New Zealand’s advantage
Isolation and the early practice of quarantine and disease control have kept New Zealand livestock free of the more serious diseases found in animals in Europe, Asia and the Americas. This is an advantage for New Zealand, and keeps its livestock products in demand worldwide.
An act was passed in 1867 to restrict animal importation. It prohibited the entry of all animals likely to spread disease. Since then, regulations have become more stringent.
Although New Zealand does not have serious infectious diseases such as foot-and-mouth or mad cow disease, there are some that can seriously affect animal health and production. Several may be passed on to humans and are known as zoonotic diseases. New Zealand has specialist veterinary laboratories that diagnose diseases and have developed programmes for controlling tuberculosis (Mycobacterium bovis) and leptospirosis (Leptospira pomona).
The New Zealand farmer is always on the lookout for animal health problems, including contagious illnesses, diseases of reproduction and the nervous system, internal and external parasites, poisoning, and metabolic illnesses caused by nutrient deficiencies. Many of these occur only sporadically and are easy to cure, but two – tuberculosis (TB) and internal parasites of sheep and cattle – may threaten farming in the future. Tuberculosis is difficult to control because it is endemic in wild possums and ferrets, which can reinfect domestic stock. Internal parasites of sheep and cattle can become resistant to the anthelmintics used to control them.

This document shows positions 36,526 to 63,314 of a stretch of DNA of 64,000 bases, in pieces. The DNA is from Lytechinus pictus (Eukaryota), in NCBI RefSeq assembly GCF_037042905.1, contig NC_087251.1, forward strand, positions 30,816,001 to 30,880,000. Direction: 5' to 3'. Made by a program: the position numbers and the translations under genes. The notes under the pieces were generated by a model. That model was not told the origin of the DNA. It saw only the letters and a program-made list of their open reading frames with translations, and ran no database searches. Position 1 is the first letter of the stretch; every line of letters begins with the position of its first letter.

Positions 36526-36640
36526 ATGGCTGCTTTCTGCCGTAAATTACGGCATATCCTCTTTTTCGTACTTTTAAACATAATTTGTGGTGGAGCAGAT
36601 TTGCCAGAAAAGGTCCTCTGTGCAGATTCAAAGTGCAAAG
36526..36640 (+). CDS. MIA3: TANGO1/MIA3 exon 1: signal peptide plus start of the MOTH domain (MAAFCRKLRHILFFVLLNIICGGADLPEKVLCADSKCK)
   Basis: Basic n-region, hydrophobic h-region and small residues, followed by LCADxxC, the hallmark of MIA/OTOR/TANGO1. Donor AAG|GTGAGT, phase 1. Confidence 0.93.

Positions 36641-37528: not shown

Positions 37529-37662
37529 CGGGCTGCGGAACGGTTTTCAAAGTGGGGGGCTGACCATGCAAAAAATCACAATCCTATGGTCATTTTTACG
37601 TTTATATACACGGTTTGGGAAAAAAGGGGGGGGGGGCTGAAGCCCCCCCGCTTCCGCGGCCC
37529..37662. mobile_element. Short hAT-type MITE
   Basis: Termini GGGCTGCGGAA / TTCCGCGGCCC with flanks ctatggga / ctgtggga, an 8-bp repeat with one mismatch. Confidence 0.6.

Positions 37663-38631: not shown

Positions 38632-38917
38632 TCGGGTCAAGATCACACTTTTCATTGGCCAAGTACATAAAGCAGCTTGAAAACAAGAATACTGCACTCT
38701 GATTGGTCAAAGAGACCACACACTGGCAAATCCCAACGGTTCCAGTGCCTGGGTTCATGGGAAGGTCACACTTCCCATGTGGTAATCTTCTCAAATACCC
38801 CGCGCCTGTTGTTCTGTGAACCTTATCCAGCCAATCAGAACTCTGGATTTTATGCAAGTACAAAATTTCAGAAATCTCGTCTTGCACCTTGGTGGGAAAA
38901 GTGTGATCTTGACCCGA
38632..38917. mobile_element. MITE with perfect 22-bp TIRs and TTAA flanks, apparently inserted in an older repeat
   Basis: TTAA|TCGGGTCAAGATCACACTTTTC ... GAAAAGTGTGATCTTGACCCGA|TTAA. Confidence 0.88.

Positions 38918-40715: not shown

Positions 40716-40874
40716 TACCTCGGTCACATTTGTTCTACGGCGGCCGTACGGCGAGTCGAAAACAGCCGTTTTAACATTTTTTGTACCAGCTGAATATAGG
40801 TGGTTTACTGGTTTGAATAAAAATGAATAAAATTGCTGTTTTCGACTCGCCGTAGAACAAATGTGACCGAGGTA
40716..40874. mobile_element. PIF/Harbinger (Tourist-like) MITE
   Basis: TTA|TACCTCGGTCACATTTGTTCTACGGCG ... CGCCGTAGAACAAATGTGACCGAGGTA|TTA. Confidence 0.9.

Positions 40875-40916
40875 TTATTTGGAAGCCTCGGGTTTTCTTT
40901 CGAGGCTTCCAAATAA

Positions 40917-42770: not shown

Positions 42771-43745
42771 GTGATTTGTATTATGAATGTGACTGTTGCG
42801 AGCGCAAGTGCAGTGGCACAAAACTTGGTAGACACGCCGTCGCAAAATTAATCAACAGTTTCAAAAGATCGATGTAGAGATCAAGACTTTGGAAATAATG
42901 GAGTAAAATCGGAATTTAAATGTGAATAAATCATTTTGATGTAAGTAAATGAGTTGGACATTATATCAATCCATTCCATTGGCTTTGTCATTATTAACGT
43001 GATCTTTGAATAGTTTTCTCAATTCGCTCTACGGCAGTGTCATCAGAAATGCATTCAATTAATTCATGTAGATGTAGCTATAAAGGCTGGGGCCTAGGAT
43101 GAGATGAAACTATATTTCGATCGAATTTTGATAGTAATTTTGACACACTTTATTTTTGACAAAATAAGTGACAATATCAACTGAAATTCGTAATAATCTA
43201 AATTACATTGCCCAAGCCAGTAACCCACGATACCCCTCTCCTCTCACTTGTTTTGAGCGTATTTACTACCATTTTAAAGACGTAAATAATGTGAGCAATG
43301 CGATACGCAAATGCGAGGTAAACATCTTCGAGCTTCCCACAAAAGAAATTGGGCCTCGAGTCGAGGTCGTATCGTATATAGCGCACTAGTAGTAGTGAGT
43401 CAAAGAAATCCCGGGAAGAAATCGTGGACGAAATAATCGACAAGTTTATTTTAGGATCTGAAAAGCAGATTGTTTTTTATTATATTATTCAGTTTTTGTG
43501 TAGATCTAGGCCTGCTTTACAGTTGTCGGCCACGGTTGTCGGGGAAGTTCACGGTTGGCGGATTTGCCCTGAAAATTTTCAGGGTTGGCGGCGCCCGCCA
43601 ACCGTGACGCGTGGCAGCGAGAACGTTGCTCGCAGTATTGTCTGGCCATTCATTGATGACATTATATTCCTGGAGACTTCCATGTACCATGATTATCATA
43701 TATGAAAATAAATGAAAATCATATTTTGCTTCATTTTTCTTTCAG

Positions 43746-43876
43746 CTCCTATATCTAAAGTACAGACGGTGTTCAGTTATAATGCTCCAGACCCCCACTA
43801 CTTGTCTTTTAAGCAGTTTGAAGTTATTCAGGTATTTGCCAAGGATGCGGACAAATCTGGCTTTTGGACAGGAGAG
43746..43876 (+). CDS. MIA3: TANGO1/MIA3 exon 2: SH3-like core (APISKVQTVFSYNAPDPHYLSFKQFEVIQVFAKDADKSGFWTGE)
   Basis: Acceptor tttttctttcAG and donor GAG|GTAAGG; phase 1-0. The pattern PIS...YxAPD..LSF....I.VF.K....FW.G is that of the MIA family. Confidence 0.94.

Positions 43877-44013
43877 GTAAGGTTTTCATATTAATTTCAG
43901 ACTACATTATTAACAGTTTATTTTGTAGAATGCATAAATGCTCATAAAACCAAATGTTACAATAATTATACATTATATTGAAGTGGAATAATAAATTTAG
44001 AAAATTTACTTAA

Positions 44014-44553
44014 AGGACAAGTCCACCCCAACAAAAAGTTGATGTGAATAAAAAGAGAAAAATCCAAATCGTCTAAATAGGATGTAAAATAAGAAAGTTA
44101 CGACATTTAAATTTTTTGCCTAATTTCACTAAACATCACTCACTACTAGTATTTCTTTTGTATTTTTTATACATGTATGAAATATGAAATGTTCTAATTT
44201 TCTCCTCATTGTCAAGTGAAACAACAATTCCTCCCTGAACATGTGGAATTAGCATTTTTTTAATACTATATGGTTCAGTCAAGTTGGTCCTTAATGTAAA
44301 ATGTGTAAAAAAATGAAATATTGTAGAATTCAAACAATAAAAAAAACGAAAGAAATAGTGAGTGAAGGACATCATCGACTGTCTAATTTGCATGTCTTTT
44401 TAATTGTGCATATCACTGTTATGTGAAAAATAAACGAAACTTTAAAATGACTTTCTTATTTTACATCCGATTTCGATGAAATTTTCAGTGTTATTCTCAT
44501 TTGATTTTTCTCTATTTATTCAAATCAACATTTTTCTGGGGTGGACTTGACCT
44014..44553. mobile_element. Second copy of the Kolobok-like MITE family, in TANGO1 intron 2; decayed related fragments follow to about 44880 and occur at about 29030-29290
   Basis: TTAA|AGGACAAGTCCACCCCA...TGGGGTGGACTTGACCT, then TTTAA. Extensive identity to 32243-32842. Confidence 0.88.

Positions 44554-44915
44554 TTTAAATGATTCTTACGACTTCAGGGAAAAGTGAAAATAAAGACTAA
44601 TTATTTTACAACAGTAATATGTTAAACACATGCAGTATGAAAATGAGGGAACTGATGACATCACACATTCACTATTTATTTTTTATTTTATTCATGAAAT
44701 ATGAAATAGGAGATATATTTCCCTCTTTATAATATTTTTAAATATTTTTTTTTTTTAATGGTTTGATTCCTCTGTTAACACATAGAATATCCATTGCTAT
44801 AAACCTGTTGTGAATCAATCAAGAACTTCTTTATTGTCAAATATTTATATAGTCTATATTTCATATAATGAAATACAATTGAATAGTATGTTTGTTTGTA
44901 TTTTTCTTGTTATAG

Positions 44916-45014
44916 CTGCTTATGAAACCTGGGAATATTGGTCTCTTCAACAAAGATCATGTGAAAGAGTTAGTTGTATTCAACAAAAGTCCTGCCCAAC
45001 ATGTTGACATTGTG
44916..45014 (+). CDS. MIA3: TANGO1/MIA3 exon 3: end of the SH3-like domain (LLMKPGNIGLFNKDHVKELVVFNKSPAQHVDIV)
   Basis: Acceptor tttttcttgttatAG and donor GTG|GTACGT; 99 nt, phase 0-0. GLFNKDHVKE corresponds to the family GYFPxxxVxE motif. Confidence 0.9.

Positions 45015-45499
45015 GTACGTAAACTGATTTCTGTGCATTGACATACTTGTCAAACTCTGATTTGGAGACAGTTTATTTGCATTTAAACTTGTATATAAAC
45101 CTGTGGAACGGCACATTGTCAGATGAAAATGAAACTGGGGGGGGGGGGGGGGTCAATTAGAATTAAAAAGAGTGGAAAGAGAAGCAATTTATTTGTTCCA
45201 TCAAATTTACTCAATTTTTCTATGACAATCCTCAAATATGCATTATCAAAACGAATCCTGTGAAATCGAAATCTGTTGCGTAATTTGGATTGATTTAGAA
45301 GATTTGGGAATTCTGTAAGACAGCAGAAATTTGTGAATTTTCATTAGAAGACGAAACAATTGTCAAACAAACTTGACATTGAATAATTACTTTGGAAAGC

About the 1940s foot-and-mouth disease was spread throughout the world. In 1996, endemic areas included Asia, Africa, and parts of South America. North America, Australia, New Zealand and Japan have been free of the disease for many years. Most European countries are thought to be clear, although there were major outbreaks in the UK in 2001 and 2007.
The biggest threat: foot-and-mouth disease
Perhaps the greatest potential threat to future farming is foot-and-mouth disease (Aphtae epizooticae). It is a highly contagious viral disease that affects cloven-hoofed animals such as sheep, cattle, pigs, goats, llamas and deer, as well as rats and hedgehogs. It can be spread by saliva, mucus, milk or faeces, and carried on wool, hair, hay, footwear, clothing, livestock equipment and vehicle tyres. It can also be spread quickly over long distances by the wind. The virus thrives in damp, cool conditions and can survive for several weeks (although only up to five days on summer pasture) on sheep wool, cattle hair or footwear.
Clinical signs vary between animal species, but there are usually blisters on the nose, mouth and feet. Animals stop eating, become depressed and lame, and salivate a lot. There is continuous vigilance to ensure the disease is kept out of New Zealand – if it was found, almost all exports of meat, dairy products and animal by-products would stop.